There’s only one previous mention of that processor in the entirety of the gerrit – before that, there’s a few for MSM8996, mainly mentioned with direct connections to first two Google Pixel devices, both of which used the MSM8996. That’s also known as the Qualcomm Snapdragon 821 Pro. The Pro is a version of the Snapdragon 821, the Qualcomm processor released with the Samsung Galaxy S7.
If and in my estimation WHEN the Pixel 2 and Pixel 2 XL are fitted with the newest “Pro” version of the Qualcomm Snapdragon 835 processor, they’ll have a lot more power under the hood than last year’s models. For a deep dive into what’s possible with the newest Qualcomm processor technology, have a peek at our Qualcomm Snapdragon 835 Guide from earlier this year.
It means that the Pixel 2 and Pixel XL 2 will have at least as good a set of inner bits as the Galaxy S8 and/or S8 Plus. That means a 10nm FinFET LPE (Samsung) fabrication of its processor – that’s very tiny and, more importantly, very efficient. It means 4 + 4 Octa-core CPU processing with ARMv8-A ISA, Kryo 280 microarchitecture, and 2.4576 + 1.9 GHz clock frequency, at least.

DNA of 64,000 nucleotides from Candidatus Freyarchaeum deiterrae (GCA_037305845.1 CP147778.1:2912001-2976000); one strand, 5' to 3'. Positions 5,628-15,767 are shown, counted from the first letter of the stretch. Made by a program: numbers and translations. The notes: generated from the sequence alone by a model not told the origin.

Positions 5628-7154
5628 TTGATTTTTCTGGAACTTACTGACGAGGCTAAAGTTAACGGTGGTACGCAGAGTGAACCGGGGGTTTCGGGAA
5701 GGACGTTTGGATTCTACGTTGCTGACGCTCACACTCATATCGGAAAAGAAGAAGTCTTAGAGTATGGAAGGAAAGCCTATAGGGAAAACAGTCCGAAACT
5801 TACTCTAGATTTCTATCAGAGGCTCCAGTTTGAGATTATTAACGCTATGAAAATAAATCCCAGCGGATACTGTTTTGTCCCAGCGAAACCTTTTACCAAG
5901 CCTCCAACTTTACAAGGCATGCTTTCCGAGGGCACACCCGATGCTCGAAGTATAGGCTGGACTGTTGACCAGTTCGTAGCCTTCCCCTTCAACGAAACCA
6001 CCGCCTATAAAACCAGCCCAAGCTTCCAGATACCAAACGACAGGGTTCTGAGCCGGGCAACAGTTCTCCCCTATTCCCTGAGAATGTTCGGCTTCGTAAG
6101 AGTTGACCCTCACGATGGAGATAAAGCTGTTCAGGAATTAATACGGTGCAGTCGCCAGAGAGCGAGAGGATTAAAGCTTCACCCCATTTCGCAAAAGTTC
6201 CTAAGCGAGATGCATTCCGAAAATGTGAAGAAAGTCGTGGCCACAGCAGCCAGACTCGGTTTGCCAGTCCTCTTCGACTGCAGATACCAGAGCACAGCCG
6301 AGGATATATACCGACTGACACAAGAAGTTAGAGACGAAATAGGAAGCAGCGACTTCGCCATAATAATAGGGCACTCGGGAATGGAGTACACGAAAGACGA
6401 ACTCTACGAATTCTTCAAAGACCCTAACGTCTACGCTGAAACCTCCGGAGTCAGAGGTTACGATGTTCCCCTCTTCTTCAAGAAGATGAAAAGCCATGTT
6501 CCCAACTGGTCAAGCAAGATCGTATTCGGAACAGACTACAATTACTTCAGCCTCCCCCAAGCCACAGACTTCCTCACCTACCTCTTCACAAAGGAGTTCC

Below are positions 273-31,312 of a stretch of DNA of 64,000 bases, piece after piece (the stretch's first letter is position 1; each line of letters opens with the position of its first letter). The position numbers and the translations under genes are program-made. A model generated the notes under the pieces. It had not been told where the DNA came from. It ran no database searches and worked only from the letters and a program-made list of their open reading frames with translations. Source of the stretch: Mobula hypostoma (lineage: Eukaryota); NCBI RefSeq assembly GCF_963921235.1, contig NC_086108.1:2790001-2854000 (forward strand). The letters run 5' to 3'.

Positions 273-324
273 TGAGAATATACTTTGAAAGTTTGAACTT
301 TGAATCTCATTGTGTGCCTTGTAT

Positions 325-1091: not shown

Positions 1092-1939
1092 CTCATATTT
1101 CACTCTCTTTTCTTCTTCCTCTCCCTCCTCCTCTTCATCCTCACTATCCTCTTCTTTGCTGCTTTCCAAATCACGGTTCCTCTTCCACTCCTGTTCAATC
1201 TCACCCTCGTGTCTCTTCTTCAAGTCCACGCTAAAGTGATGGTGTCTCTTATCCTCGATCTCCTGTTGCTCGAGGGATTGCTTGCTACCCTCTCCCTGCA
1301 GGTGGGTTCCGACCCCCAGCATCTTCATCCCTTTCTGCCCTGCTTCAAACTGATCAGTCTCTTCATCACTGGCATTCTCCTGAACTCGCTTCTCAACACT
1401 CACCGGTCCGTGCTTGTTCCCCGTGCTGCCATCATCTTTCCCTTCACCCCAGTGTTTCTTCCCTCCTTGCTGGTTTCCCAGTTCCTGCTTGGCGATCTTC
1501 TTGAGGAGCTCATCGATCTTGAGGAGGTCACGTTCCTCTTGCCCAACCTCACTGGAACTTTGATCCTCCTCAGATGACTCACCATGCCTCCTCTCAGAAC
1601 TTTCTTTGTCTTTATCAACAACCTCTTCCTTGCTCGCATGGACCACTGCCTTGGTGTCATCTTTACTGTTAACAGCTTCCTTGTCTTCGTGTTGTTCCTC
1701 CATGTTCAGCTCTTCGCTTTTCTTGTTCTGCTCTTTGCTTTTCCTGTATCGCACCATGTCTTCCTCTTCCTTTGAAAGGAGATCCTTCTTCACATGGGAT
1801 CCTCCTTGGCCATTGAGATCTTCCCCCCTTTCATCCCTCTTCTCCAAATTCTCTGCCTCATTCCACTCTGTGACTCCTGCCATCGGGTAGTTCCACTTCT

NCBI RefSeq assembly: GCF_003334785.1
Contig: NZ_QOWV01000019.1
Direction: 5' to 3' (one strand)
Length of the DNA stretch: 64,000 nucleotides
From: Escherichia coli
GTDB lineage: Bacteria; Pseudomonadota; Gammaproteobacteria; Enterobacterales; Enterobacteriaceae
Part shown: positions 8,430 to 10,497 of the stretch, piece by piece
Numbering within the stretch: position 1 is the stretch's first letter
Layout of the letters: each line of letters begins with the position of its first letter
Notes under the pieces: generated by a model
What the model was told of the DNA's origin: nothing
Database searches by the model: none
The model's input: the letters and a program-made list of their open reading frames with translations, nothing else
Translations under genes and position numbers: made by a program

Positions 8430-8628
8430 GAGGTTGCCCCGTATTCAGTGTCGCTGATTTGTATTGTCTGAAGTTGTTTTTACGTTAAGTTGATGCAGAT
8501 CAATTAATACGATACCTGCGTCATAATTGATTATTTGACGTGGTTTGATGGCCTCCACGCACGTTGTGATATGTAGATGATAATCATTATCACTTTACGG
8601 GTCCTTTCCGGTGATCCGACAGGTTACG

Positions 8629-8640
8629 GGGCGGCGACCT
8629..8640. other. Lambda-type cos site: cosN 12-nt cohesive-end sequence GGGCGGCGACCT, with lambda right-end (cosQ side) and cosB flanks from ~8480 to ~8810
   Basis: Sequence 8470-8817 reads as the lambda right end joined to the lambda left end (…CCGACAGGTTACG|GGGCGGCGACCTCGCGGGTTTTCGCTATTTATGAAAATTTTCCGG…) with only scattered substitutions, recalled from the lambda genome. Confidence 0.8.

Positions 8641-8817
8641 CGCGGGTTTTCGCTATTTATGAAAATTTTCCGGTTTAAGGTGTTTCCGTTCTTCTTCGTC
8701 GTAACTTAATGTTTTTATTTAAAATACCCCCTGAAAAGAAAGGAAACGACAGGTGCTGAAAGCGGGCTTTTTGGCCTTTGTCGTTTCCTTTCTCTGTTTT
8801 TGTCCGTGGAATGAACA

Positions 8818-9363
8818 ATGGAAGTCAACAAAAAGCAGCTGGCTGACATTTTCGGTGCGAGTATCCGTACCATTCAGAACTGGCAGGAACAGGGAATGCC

The GPU set in the Pixel 2 era of devices will include the Adreno 540 (OpenGL ES 3.2, OpenCL 2.0 full, Vulkan, DX12) clocked at at least 670 MHz. Inside the SoC we’ll also find at least 1866 MHz (29.8 GB/s) bandwidth LPDDR4X for memory, and next-gen wireless data technology. In this case that’s X16 LTE (download: Cat 16, up to 1000 Mbit/s; upload: Cat 13, up to 150 Mbit/s) for cellular data and 802.11a/b/g/n/ac Wave 2(MU-MIMO) Wi-Fi. Of course the data speed you’ll actually get will really depend on your carrier.
We’ll almost certainly have another fingerprint scanner – the technology in the processor is still there. It’s quite possible we’ll also have eye and facial-based security tech as well. The Google Pixel 2 and Pixel XL 2 will have the ability to work with Google Daydream – it should go without saying.
The processor will also give Google the potential to include 4K UHD Premium (HDR10) Foveated Rendering, 10-bit 4K @60fps display abilities, and Q-SYNC. Q-SYNC allows the device’s display to render content at the same frames-per-second speed that the GPU is capable of – which should ideally be the case in all processors, but often isn’t. Q-SYNC should also provide for a far better – smoother, that is – VR experience for the Pixel 2.